Wednesday, January 9, 2013

Ignorance to Child Abuse Doesn't Make It Go Away

Ignorance and Denial of Childhood Abuse Does Not Make It Go Away

By Desiree Leigh, Wake Up to Live


The residuals of childhood trauma last forever; and society as a whole is responsible in creating the behaviors from the residuals of childhood trauma.  Ultimately, society (you and me - we) is breeding these effects - the behaviors we try to control after they have become out-of-control.

Research has shown that psychological trauma from parental abuse and/or neglect (including emotional unavailability) has been linked to later abnormalities in brain development, especially in the right hemisphere (DeHart, Sroufe, & Cooper, 2004, p. 286).  Even when society ignores the evidence and signs of childhood abuse, the consequences remain and affect society as a whole.  Adults continue to show plasticity of the brain to reshape thought processes; although it weakens considerably with age; but growth and change, forming new thought processes and behaviors, and learning to live with the memories is constant work in progress.

We talk about gun control, we talk about incarceration, and we talk about death penalties and so forth.  Why not talk about the living parents, grandparents, aunts, uncles, and neighbors who ignore the abuse like it is not their responsibility.  Wake up!  It's everyone's responsibility.  Just look at the chaos in the world today.  Crime and mental health issues do not "just happen" because an adult turned bad.  Shooting sprees at schools do not just happen because someone somehow just lost it.  Mental health issues begin in childhood and the quality of care the child has received: physical, emotional, and mental.  


Many people in the world are not listening; social policy is not listening; and because of their deafness, indiscriminate and dramatic behaviors brewing since childhood are arising.  We are now trying to control the out-of-control behavior that began some time ago but chose to ignore it.  (Sounds very similar to our environ-mental issues, too).



You can deny this fact if you choose; but it doesn't make it go away.

The consequences society lives with today, is from our ignorance and denial to what we did (and what we did not attend to) in the past.  We don't confront our ignorance to heal it and wholeheartedly admit that maybe we have been wrong.  We just ignore it, place icing on the cake or some perfume on a cow-pattie, and forget about it; but the residual stench remains!  And, it's showing up in the world today.  In the end, we blame the abused ones, and we keep living in darkness without solving the true issue.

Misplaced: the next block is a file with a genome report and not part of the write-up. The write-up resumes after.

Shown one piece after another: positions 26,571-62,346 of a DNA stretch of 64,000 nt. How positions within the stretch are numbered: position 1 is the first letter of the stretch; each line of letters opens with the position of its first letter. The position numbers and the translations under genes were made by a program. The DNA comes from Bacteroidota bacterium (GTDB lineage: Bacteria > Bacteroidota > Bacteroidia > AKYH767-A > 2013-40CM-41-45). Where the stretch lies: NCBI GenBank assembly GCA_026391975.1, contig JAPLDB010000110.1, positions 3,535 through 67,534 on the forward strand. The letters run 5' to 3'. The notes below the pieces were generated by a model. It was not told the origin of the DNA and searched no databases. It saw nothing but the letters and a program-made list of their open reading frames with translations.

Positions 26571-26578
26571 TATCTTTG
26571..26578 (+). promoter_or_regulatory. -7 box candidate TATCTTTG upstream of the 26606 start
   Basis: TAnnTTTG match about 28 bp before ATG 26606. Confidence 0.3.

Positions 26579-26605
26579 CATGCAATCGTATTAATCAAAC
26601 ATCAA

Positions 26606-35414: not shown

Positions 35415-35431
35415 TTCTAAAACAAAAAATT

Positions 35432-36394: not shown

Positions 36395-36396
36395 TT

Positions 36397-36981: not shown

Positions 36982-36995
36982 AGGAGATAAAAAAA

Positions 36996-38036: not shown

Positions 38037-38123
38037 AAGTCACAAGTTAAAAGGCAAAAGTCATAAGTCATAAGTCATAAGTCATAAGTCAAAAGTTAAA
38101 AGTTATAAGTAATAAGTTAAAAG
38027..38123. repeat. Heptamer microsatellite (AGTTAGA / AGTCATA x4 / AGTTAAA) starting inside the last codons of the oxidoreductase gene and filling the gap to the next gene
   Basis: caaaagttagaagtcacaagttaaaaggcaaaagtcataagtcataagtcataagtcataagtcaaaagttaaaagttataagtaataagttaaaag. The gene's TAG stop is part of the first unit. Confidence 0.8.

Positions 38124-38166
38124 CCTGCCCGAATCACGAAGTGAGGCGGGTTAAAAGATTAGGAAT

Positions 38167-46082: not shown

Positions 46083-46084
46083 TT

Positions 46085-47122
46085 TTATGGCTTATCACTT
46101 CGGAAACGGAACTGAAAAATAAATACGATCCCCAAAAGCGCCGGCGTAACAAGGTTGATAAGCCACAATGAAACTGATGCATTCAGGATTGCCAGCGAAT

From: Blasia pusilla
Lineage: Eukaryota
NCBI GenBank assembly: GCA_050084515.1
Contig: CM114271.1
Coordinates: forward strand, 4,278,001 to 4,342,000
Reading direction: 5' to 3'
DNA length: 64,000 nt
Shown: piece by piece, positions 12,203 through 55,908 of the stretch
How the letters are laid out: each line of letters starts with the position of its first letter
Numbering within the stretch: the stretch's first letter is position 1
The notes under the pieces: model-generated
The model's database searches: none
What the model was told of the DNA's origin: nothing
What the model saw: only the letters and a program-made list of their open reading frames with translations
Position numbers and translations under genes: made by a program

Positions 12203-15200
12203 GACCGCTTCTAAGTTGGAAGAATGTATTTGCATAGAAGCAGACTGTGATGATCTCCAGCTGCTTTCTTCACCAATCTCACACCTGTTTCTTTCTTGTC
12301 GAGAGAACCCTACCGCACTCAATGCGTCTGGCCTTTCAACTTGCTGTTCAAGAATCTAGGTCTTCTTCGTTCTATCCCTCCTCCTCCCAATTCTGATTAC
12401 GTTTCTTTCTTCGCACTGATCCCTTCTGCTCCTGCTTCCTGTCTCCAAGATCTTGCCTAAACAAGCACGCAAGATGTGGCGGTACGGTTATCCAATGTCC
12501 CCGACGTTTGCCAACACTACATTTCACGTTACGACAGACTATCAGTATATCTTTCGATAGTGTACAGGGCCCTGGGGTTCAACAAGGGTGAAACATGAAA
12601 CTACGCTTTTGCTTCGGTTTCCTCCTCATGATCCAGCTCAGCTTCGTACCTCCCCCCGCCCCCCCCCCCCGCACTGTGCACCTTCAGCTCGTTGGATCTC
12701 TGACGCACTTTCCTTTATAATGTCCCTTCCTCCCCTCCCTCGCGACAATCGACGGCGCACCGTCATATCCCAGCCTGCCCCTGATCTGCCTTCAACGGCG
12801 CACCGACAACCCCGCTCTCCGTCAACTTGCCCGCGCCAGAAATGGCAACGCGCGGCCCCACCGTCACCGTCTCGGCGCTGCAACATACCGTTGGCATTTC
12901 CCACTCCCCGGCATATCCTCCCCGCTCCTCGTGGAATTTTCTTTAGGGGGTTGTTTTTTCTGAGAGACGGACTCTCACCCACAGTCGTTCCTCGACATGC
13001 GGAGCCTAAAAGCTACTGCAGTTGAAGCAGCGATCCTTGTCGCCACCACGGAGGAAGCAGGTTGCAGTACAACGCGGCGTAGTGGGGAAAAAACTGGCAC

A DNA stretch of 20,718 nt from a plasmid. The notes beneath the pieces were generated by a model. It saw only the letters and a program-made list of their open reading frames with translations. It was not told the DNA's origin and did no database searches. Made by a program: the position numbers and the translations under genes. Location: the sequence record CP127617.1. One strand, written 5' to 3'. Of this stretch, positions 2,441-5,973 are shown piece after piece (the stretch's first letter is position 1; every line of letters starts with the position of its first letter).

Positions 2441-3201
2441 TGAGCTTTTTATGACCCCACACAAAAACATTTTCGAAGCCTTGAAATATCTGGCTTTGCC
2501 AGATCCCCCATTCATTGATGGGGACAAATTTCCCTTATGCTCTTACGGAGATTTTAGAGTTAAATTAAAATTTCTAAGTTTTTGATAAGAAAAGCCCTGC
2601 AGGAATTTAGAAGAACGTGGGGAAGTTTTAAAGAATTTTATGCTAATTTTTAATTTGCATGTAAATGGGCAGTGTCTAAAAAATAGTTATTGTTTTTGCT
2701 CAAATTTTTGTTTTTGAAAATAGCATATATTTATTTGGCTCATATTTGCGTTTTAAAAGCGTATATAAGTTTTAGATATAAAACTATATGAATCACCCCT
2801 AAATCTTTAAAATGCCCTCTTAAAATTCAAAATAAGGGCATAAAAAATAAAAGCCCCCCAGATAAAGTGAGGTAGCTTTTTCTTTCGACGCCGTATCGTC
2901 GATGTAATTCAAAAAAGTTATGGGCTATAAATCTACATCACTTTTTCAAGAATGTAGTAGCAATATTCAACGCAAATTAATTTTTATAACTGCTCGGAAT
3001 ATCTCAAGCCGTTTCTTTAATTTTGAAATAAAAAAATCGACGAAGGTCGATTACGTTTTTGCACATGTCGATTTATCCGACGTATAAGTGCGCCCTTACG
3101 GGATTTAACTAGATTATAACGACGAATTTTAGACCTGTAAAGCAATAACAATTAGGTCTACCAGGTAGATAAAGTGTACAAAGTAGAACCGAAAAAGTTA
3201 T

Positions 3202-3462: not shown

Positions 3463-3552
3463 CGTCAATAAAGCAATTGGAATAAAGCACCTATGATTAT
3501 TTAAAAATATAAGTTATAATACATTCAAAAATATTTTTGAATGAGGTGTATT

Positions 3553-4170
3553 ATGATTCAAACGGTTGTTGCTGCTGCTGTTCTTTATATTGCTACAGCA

We look upon these victims with shame - the just-world hypotheses leading to blaming the victim - as though they are the guilty so that somehow we can feel comforted and go on with our pretty little lives independent from others.  They have already been shamed.  Who gives you the right to abuse them once again?

"WE" are all responsible for the health of this world: mental and environ-mental.


Some of the effects of harsh punishment, abuse, and neglect:


  • Uncontrollable anger
  • Aggression
  • Depression 
  • Emotional reactivity
  • Emotional disturbances
  • Inability to experience pleasure
  • Difficulty recognizing the emotional expressions of others
  • Avoidance of people or situations
  • Apathy in the face of challenges
  • Difficulty balancing the desire to explore with the need to feel secure 
  • Anti-social Behavior
  • Diminished quality of parent-child relations
  • Diminished quality of joy/happiness
  • Poorer child and adult mental health
  • Increased delinquency and/or criminal behavior
  • Higher risk of being a victim of abuse
  • Higher risk of abusing one's child
  • Parenting problems

Society is breeding these behaviors!

Ignorance and denial of childhood abuse does not make it go away.


Definition:
Just-World Hypothesis: the notion that many people need to believe that the world is fair and that justice is served; that bad people are punished and good people rewarded.  Blaming the victim is a dispositional attribution that comes from the just-world hypothesis.

Wake Up to Live with Desiree Leigh

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